Please also feel free to drop our team suggestions or requests for these parenting resources. We’ll send you more information soon on how to access them.
For now, as schools may open, or maybe stay closed, or offer some sort of hybrid education in the first quarter of 2021, make sure you let parents know that you’ll support them. It will mean the world to parents that you think about what they’re going through right now, while providing encouragement and assistance where possible.
everyday faith 3


  #LiveLent: God's Story, Our Story invites each of us to reflect on our own story of God and how we might share it through our everyday lives as part of our Christian witness.
It encourages us to take a fresh look at evangelism, exploring how Jesus and his first followers communicated the good news of God's love by inviting, listening and responding creatively to others.
For each of the 40 days of Lent, this booklet includes a short Bible passage, a reflection and a prayer. The daily reflections follow weekly themes - each with an accompanying action - drawn from the Archbishop of Canterbury's Lent Book 2021.
This booklet is part of a wide range of resources for individuals, groups and churches available here.
everyday faith 4


For The Gateway Seven series LICC selected seven books of the Bible representing seven genres: Proverbs (Wisdom), Exodus (Law), 1 Peter (Letters), Ezekiel (Prophecy), Ruth (Narrative), Mark (Gospel), and Revelation (Apocalyptic). The series, beginning with Proverbs, will offer study guides for each of the books with a whole-life discipleship perspective. The mini-features sprinkled through the studies, along with the questions and thoughts for discussion, help you understand each book within its background and genre as well as the content of the book itself. Each study has been crafted with the same desire: to offer a gateway to a deeper love of God’s word and richer insights into its implications for all of life, Monday through Sunday. For details click here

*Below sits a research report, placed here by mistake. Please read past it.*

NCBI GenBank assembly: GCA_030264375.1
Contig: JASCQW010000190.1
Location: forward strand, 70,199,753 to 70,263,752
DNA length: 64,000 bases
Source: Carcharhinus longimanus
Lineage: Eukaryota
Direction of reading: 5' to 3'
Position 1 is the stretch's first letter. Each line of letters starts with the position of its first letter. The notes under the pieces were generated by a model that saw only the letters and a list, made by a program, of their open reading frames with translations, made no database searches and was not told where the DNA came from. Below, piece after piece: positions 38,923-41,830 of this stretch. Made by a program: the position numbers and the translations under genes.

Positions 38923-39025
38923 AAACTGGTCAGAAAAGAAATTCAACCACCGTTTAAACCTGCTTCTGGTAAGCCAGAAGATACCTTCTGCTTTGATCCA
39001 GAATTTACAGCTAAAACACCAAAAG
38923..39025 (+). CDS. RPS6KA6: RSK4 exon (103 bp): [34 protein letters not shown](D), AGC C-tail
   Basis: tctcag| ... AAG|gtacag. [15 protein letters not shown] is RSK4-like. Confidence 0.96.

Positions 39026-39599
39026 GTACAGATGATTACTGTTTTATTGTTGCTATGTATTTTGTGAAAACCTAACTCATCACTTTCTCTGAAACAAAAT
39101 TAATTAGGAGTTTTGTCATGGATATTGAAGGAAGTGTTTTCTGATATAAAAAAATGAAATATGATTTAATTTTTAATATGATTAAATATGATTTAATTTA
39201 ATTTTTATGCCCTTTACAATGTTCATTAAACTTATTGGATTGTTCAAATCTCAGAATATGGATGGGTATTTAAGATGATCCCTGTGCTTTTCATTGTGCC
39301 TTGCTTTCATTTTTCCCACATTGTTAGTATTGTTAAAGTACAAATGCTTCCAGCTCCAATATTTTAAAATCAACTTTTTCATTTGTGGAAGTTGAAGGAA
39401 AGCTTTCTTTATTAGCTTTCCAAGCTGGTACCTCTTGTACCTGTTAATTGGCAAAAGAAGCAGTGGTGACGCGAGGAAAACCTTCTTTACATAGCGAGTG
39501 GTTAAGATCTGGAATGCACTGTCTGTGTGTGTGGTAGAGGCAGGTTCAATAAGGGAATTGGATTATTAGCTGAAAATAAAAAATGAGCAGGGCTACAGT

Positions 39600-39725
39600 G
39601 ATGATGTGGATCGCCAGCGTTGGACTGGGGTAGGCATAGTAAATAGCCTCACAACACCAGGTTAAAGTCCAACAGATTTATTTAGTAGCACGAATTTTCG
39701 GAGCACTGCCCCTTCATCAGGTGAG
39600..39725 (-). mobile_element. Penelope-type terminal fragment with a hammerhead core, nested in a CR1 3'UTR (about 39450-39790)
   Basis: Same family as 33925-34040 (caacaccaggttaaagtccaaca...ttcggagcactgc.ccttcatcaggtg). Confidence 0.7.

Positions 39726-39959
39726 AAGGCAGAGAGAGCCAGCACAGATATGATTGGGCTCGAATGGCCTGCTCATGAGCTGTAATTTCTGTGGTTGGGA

Setting God’s People Free (SGPF) is an initiative across the Church of England to enable the whole people of God to live out the Good News of Jesus confidently in all of life, Sunday to Saturday. Our focus is to facilitate a shift in culture, not a narrow, centrally driven strategy. The programme seeks to implement proposals from the Setting God’s People Free report presented to General Synod in 2017. These proposals seek effective ways to build up the whole people of God, with a confident faith and vision for the Kingdom of God, which is lived out in homes, schools, communities and places of work.
  • SGPF looks beyond and outside Church structures to the whole people of God at work in communities and wider society - not to 'fixing' the institutional Church.
  • SGPF challenges a culture that over-emphasises a distinction between sacred and secular to a fuller vision of calling within the all-encompassing scope of the Gospel – not to limit vocation to church-based roles.
  • SGPF seeks to affirm and enable the complementary roles and vocations of clergy and of lay people, grounded in our common baptism - not to blur or undermine these distinctions.
  • SGPF proposes imaginative steps to nourish, illuminate and connect what is working already in and through parishes and communities of faith - not to institute a top-down approach.

Posted: Jan 2021